Don't Get off the Bus
There is nothing new under the sun, goes the proverb from Ecclesiastes, so if you want to be innovative, it’s best to stay the course rather than look for new areas to conquer. Consistency, hard work and persistence yield success. So says photographer and writer Arno Rafael Minkkinen’s “Helsinki Bus Station Theory.” If you hop on a bus leaving Helsinki (a metaphor for your work), you’ll see that the route you’re taking has been taken before. Wanting to be an innovator, you’ll get off the bus at the first stop, grab a cab back to the bus station and jump on a different bus. Again, you’ll realize that this route has already been taken, too. “This goes on all through your creative life, always showing new work, always being compared to others. What to do? Stay on the bus. Because if you do, in time, you will begin to see a difference,” he says. Over time, your own personality, voice and ideas will shine through.
This article originally appeared in the November 2016 edition of INSTORE.
Love Your Vendors
The vendor-retailer relationship can become strained at times. But ultimately, it’s one of mutual benefit. To keep those bonds healthy, Long Jewelers in Norfolk, VA, holds an annual Vendor Appreciation Dinner toward the end of the year.
Keep Bad Debt Honest
Sooner or later a customer will fail to make good on a debt, leaving you with no option but to write it off. Many business owners record the hit against revenue, but Ken Kaufman, author of Impact Your Business, advises against this, so as not to distort how your business is actually performing. “You should expense it. It is a cost of doing business and it should not hurt all the work you are doing to correctly recognize revenue,” he writes on the Amex OPEN Forum blog.
Stop slouching. “If you take on a collapsed position, it really shifts the physiology,” Erik Peper, a health education professor at San Francisco State University, told Bloomberg. Tests have shown that slouchers’ testosterone levels go down, cortisol levels go up, and they have more helpless thoughts. The opposite happens when you sit up, stretch, or, even better, skip on the spot for just 10 seconds.
If you use a to-do list to guide your task choices through the week, leave your “done” items at the top as you knock them off, suggests productivity website Lifehacker. The feeling of accomplishment will help you get through the other items.
Day Trips Dazzle
Nobel laureate psychologist Danny Kahneman showed that when it comes to experiences, our memories of events are dominated by what they were like at their peak (for positive events) and at their nadir (for negative events) — and what they were like at the very end. In terms of vacations, that suggests it’s often better to plan more, shorter breaks, rather than stretching them out to two weeks.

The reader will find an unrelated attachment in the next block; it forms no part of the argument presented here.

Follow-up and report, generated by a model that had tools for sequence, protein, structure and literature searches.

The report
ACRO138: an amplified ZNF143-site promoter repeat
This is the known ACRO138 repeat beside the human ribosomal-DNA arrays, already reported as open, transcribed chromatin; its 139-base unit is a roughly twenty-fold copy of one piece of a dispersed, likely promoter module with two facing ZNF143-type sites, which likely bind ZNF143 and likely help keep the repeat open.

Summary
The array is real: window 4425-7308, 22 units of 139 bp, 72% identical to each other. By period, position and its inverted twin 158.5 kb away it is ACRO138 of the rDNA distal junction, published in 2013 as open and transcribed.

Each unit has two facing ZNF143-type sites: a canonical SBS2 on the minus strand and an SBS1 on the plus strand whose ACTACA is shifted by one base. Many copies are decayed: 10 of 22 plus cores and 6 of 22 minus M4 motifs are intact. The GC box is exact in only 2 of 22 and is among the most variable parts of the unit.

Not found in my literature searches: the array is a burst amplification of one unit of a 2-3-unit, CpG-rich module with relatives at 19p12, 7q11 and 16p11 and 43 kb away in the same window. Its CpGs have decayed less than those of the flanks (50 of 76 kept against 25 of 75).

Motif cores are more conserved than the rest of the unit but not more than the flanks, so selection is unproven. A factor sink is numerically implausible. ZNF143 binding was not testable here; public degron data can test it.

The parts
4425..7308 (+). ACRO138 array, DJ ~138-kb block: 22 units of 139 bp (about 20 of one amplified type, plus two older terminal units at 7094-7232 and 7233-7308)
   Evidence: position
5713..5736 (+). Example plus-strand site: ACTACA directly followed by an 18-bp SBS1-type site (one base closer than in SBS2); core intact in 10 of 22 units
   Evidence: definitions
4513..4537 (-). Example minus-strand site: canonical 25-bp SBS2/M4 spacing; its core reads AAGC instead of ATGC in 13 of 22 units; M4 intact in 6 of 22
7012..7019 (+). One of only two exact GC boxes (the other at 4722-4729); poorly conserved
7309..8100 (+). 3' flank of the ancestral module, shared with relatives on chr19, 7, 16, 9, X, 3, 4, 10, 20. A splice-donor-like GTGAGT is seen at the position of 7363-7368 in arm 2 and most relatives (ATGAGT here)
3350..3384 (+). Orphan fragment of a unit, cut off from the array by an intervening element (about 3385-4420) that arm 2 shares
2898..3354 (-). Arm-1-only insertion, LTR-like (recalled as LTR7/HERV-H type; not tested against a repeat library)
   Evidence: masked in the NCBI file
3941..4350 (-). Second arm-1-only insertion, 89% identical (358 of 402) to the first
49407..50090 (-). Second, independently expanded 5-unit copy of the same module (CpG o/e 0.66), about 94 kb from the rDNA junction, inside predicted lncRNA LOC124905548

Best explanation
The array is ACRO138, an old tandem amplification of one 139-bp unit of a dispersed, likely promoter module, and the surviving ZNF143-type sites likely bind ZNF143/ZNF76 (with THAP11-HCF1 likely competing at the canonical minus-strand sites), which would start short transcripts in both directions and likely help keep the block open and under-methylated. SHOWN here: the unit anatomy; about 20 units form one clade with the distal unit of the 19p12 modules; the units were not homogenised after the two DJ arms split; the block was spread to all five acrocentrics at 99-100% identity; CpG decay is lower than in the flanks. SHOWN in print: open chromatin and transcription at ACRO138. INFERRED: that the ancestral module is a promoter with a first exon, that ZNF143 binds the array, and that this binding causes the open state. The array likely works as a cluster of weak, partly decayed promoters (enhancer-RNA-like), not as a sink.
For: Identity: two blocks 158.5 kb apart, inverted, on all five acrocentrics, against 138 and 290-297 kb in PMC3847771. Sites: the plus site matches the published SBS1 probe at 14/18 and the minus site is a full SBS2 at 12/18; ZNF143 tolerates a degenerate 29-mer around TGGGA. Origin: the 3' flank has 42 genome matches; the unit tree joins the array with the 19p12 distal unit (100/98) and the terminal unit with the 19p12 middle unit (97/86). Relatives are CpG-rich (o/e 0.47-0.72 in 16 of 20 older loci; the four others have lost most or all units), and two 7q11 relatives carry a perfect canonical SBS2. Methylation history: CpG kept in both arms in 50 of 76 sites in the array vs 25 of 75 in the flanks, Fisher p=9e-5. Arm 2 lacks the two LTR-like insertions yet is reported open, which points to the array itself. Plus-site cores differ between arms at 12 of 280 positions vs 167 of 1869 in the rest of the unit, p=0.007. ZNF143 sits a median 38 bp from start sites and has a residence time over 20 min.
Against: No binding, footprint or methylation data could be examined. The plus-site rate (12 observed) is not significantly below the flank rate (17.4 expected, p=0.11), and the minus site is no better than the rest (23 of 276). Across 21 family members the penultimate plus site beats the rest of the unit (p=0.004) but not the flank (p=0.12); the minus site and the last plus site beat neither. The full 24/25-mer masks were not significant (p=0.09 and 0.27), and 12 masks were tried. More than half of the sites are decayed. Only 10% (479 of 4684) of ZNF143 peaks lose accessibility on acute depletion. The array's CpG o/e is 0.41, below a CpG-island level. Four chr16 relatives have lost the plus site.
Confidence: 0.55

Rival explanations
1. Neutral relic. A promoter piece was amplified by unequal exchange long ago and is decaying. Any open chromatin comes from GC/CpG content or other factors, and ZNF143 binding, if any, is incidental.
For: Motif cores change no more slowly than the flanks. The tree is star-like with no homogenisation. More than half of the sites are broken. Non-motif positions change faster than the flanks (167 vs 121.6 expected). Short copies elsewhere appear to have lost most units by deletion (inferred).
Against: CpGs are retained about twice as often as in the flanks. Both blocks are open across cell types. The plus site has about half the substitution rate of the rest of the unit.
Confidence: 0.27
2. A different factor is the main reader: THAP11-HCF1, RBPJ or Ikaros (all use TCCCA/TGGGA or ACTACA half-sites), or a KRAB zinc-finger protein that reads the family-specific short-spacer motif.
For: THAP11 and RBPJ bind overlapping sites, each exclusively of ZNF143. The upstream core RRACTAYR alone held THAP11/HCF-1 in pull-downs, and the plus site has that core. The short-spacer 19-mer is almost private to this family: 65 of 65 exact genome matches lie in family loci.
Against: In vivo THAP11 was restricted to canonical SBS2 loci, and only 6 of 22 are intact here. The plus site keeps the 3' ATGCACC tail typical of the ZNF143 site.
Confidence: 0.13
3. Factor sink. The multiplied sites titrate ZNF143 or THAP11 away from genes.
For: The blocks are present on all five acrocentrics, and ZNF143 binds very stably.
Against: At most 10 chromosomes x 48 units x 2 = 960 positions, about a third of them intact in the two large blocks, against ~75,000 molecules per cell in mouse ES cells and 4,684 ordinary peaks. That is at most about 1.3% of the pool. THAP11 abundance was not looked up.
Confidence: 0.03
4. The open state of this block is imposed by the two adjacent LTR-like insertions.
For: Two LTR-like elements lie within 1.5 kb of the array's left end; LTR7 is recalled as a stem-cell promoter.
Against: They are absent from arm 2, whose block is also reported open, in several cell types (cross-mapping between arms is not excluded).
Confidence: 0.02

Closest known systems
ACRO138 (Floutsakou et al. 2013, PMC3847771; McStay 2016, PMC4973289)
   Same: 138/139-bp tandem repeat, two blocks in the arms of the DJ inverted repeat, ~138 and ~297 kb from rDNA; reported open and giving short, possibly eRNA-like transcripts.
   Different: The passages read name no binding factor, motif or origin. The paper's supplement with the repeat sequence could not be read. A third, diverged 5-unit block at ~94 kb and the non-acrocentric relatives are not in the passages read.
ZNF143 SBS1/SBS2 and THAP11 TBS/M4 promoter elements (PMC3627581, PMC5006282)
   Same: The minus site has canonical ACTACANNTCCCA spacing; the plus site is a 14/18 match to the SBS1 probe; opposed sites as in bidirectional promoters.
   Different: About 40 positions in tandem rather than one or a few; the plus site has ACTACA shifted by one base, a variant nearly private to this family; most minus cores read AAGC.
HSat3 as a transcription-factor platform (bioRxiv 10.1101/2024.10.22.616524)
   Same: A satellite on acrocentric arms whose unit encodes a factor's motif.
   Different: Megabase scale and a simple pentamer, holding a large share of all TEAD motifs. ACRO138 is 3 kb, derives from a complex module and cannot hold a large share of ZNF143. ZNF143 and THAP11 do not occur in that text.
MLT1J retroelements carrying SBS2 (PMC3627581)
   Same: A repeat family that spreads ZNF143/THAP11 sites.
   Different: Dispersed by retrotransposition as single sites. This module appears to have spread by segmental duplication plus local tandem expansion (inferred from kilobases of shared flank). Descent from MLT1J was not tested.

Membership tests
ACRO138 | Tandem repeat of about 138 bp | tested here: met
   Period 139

It Starts with Sales Staff
Preparing a holiday ad campaign? Rather than start with a big concept, reverse-engineer the process, says Mark Stevens, author of Your Marketing Sucks. Talk to your salespeople first and then work your way back to strategy, he writes on the Amex Open Forum. “Salespeople are the ones who get the phones hung up on them. They’ll tell you what works.”
Vanishing Email Address
Ever wanted an email address you could discard like a pair of chopsticks? 10 Minute Mail (10minutemail.com) is for you. The service sets you up with a self-destructing email address that expires in — yep — 10 minutes. Your temporary inbox works just like regular email. Whitepaper downloaded, anonymous comment posted, whatever — once you’re done, pull the pin and walk away.
Speak on the Breath
Harness your breath for a more powerful sales-floor presentation, says Allison Shapira, lecturer at Harvard Kennedy School of Government. Shapira recommends this exercise: Stand tall. Put one hand on your belly button and one hand on your chest. Breathe deeply into your stomach and then take note which hand moves. (It should be the lower one). “Then exhale slowly, and speak ‘on the breath,’” she says. “Use your breath to support your words by letting it out steadily while you are speaking.”
Red flag: A shopper who asks to see the most expensive item in the store. The Jewelers’ Security Alliance recommends establishing a price threshold where staffers ask to see identification when a consumer wants to try on something “super expensive.” (Tip: blame it on “insurance company rules.”)
Consider a “failure wall” — a flat space, preferably in your back room, where you and staff can share your “growth lessons” with each other. “Something magical happens to failure when it’s openly acknowledged,” writes business author Jeff Stibel in a column for Bizjournals.com. “Paradoxically, it becomes less of a big deal. The idea of failure is often the elephant in the room.”
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